Following my possible over-reaction (I’m still questioning that) to the sleep clinic letter that I wrote about here, and having rearranged the appointments for after I returned from holiday, I turned up at the Sleep clinic at Nottingham’s NHS Treatment Centre on cue on Mon 8 July.
There may be other types of snoring/breathing problems, but it seems that what I have is called Obstructive Sleep Apnoea [OSA], which is caused by the soft tissue at the back of one’s mouth relaxing and therefore causing an obstruction, which in turn causes apnoea, or stopping breathing.
I have gathered this information from chatting with family members, limited information gleaned from clinic technicians and reading. Up to the point of writing this update, I had not had a full discussion with a doctor about the test results or the condition. I am not happy about this. I am not happy about a lot of the ‘care’ I’ve (not) received at the Sleep clinic. It compares most unfavourably with Haematology. (I saw the consultant yesterday, but that piece of the story belongs in the next instalment.)
Anyway, it seems that the best therapy for OSA is a Continuous Positive Airways Pressure [CPAP] machine. The CPAP machine blows air through a tube, into a small mask, which sits over one’s nose or nose and mouth, while one sleeps, with sufficient pressure to keep the airway open, leading to better quality sleep and most importantly for some, no snoring!
They call it ‘therapy’ rather than ‘treatment’, as there is no permanent cure. Each time the machine is used, snoring and apnoea episodes do not occur. If the machine is not used one night, the snoring and apnoea will resume on that night. This means that if I go ahead with using the machine, it will be a permanent fixture in my life… A lot more intrusive than taking antiviral and antibiotic tablets every day!
Pik described himself as a physiologist, while the Reception staff had used the word technician. Either way, he was friendly and obviously well-experienced and had the added benefit of also having sleep apnoea himself, so he understood the practicalities of using a CPAP machine. He had only discovered he had sleep apnoea after working there and trying out the monitoring equipment himself, out of curiosity.
He was there to do a job: fitting me with a CPAP machine to trial it. There was no discussion, at least not initiated by Pik, about my test results, the diagnosis, or how I might feel about any of these. He did respond, as well as he could, to the technical questions I posed, telling me that I had had an average of 27 ‘events’ per hour and that this showed moderate sleep apnoea. But I got the feeling that I was asking the wrong person, taking up time and disrupting the main focus of his work.
There were graphs on file from the monitoring tests. He allowed me to take photos, but advised me that they don’t give them to patients due to data protection, but also because we wouldn’t understand them and might misinterpret the data. I can’t begin to write about what’s wrong with this sentence!
Fair enough, he is not the doctor and it’s not his job, or even within the remit of his qualifications to discuss a diagnosis with a client. But I wanted that discussion. I wanted to be given a diagnosis by a professional person, to be shown the graphs and what they mean and to be able to ask questions, before being fitted for any possible therapy.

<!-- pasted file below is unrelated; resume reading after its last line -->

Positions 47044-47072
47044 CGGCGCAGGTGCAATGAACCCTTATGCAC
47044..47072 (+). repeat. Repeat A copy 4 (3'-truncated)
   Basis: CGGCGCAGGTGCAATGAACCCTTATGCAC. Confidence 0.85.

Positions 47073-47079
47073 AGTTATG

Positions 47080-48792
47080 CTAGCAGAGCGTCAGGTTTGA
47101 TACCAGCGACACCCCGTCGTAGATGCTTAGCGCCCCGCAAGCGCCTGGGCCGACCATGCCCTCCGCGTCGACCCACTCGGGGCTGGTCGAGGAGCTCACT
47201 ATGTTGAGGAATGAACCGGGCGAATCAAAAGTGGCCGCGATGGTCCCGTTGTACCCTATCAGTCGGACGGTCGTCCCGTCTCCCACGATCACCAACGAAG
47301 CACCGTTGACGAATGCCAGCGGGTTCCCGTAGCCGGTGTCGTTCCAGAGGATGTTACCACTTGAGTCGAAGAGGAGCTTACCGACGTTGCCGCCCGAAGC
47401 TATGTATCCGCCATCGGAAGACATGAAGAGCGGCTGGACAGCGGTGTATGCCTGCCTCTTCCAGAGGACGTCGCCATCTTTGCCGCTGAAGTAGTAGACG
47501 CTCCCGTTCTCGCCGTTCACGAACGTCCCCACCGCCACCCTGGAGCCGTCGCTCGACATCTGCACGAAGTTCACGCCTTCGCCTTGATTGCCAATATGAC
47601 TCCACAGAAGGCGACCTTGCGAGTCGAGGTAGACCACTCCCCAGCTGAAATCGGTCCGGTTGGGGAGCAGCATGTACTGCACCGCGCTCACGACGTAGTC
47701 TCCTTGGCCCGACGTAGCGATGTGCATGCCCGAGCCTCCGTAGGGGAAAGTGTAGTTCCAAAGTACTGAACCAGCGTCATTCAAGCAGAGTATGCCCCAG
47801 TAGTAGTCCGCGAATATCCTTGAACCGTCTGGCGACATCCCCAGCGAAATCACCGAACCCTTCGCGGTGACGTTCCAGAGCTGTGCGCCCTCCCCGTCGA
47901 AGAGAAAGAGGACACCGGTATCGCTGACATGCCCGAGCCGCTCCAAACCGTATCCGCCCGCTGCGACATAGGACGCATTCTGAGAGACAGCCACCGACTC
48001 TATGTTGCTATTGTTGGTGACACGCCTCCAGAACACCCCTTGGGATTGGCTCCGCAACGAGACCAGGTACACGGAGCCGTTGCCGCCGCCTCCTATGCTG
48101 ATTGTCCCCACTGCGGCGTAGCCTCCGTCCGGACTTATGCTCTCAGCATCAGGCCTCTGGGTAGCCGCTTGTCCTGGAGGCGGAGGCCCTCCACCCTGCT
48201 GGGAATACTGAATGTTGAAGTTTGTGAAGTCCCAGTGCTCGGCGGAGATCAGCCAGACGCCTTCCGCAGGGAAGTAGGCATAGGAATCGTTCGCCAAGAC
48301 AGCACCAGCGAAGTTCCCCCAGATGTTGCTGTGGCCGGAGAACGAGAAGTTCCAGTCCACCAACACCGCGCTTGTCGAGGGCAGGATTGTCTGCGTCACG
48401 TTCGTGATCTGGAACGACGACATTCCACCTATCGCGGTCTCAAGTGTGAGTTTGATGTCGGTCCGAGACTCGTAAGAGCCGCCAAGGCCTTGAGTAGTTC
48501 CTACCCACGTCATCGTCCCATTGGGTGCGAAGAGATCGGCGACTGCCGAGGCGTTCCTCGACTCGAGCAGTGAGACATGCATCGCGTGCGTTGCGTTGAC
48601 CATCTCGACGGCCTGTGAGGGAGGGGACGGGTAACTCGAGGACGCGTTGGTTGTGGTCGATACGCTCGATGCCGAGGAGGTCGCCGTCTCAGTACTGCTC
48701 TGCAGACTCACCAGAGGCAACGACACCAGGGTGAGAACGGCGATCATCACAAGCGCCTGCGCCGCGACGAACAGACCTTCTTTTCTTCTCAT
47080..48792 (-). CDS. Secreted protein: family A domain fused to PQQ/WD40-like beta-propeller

Imagine if I’d been given the chemo drug cocktail of my initial treatment, as a taster… without being told specifically that I had myeloma and what it is? Of course that would never happen.
Yet again though, I got the impression that the needs and concerns of the patient are not the highest priority in this business-like, target-driven environment. I don’t think it matters that this condition is much less serious than cancer. I’m sorry to go on about it, but the lack of care has really upset me.
Dealing with the practical task at hand, Pik set the machine to build up from zero to the correct overnight pressure, gradually increasing over 10 minutes. So each night I would have time to acclimatise to the increasing air pressure blowing into my nose, before going to sleep.
We discussed the type of mask I would need and at his suggestion – after all, what do I know about CPAP masks? – I agreed to one that just covers the nose, with straps around the head and cheeks to keep it in place. Pik thought it was the lightest and least invasive style. He said if it didn’t suit, I could try a different one, but he suggested that I stick with it for a while, as it might take time to get used to it.
Although he has apnoea too and uses a CPAP machine, Pik’s response to my expression of slight distress around using this completely unattractive device, particularly if I were to meet a new potential bed partner was “well, what would they prefer to sleep with, Darth Vadar or a snorting pig?” Maybe he’s happily single?! Maybe with that attitude, he will remain so…?!
He delivered it quite kindly, so that I didn’t fully realise how outrageous it was that he’d said what he’d said till much later, well actually until right now as I’m writing it. I’m speechless! I’ve no idea why I didn’t thump him right there and then, but it didn’t fully register at the time. I think they call it shock. But I got what he said enough to feel completely dispirited and hopeless about any future night-time cuddling.
Points for technical competence = 10.
Points for compassion = Big fat zero!
I am loathe to post a photo of me with the mask on, but just to prove the point, I shall think about it before I publish this piece…
But all was not lost… I did get a rather smart, business-like bag to carry the machine and its accessories. I’m sure I’d look quite at home with it in any executive airport lounge.
To be continued… (and concluded, with any luck!)